FARGO, N.D. — A man accused of storing stolen explosives, guns and hundreds of rounds of ammunition in his western North Dakota home has signed a plea agreement with the government, according to federal court documents released Wednesday.

Authorities accuse Tyler Porter, 35, of stealing more than 200 explosives from two companies operating in the North Dakota oil patch by using a cutting torch to open padlocked bunkers. They also allege he had books in his home in Williston on how to build explosives.

An informant told a regional drug task force that Porter planned to sell the explosives for thousands of dollars, according to an affidavit filed by a special agent with the U.S. Bureau of Alcohol, Tobacco, Firearms and Explosives. State investigators called the cache especially troublesome due to the house being in a residential area.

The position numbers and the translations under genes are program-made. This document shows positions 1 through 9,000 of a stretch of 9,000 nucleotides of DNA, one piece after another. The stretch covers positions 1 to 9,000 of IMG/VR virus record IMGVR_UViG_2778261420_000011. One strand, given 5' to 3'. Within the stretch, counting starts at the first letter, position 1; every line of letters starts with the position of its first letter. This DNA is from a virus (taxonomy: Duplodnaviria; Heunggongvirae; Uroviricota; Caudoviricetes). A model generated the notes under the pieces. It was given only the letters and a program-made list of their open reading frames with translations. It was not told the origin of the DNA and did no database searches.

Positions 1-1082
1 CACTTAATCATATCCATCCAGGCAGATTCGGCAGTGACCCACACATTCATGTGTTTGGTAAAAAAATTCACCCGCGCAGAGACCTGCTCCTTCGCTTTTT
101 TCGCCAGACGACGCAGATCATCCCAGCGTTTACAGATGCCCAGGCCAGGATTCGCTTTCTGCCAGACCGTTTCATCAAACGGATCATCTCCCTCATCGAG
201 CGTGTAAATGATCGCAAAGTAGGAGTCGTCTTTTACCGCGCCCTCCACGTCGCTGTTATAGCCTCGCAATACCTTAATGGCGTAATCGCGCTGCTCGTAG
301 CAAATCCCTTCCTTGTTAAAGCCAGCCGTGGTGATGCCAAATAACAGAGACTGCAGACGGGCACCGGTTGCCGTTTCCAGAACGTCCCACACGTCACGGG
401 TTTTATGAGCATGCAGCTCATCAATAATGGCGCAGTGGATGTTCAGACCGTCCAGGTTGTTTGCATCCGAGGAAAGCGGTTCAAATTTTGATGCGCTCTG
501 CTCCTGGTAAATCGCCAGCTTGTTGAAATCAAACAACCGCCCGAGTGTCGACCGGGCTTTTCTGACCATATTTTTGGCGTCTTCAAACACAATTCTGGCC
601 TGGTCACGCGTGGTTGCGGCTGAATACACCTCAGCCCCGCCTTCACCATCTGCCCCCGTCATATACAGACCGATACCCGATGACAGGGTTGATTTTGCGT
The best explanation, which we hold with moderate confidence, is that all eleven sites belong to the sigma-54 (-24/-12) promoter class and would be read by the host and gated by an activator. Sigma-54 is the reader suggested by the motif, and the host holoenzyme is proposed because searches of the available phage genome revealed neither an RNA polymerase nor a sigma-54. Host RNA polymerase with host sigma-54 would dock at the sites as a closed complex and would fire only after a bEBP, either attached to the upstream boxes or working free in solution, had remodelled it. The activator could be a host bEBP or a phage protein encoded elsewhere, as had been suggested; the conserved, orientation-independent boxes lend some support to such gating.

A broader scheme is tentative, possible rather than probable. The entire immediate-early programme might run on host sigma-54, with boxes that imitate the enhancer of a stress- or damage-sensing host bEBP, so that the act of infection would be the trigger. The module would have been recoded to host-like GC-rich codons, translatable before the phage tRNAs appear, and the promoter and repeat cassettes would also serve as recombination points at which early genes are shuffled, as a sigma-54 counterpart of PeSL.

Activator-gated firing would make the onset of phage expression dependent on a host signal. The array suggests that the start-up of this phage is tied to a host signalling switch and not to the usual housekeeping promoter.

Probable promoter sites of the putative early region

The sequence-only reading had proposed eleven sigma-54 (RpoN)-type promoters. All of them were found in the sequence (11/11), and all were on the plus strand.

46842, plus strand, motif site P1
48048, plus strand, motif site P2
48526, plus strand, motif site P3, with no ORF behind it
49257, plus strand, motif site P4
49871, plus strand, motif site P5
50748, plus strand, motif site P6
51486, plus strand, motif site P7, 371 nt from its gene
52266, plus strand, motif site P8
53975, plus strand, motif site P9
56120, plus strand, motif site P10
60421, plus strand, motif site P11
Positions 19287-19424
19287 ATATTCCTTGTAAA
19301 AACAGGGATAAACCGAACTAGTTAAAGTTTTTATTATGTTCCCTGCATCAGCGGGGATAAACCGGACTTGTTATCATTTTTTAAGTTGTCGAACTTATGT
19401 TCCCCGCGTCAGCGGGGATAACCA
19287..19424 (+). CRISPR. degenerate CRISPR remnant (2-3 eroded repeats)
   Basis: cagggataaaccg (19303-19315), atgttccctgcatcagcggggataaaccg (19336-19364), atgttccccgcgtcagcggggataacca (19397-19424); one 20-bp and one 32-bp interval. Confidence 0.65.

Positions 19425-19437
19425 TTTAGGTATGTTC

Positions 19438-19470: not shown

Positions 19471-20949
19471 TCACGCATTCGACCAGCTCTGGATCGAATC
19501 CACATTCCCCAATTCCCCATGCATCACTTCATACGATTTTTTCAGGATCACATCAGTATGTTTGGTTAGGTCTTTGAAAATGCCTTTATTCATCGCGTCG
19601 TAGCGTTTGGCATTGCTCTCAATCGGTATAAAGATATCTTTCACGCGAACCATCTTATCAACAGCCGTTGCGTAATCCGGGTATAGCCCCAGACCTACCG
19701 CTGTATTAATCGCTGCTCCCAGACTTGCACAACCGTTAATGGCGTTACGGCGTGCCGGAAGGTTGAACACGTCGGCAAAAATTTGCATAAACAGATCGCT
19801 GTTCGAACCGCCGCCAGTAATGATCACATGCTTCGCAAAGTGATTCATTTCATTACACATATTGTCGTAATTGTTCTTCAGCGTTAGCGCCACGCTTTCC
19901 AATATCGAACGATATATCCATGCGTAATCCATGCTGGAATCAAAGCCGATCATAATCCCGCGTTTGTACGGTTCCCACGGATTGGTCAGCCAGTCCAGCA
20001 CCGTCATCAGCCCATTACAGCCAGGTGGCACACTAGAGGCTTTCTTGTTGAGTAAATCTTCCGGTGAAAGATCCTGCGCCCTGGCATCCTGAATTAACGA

Under the agreement, Porter will plead guilty to possession of a firearm by a convicted felon and theft of explosive materials. The government would drop charges of possession of an unregistered firearm, receipt of explosive materials, and possession of explosive materials by a prohibited person.

Neil Fulton, who runs the federal public defender’s office in North Dakota and South Dakota, did not immediately respond to a request for comment.

The explosives, known as shaped charges, are commonly used to penetrate oil wells. Porter allegedly stole 171 of those from Go Wireline LLC in April and 29 from Pioneer Wireline Services in May. Court documents show that Porter also took a 500-foot roll of detonation cord during the May theft.

Porter has an extensive criminal history, including convictions on terrorizing and assault charges in North Dakota and burglary and grand larceny in South Carolina.

A change of plea hearing has not been set. Porter faces a maximum penalty of 20 years in prison and a $500,000 fine.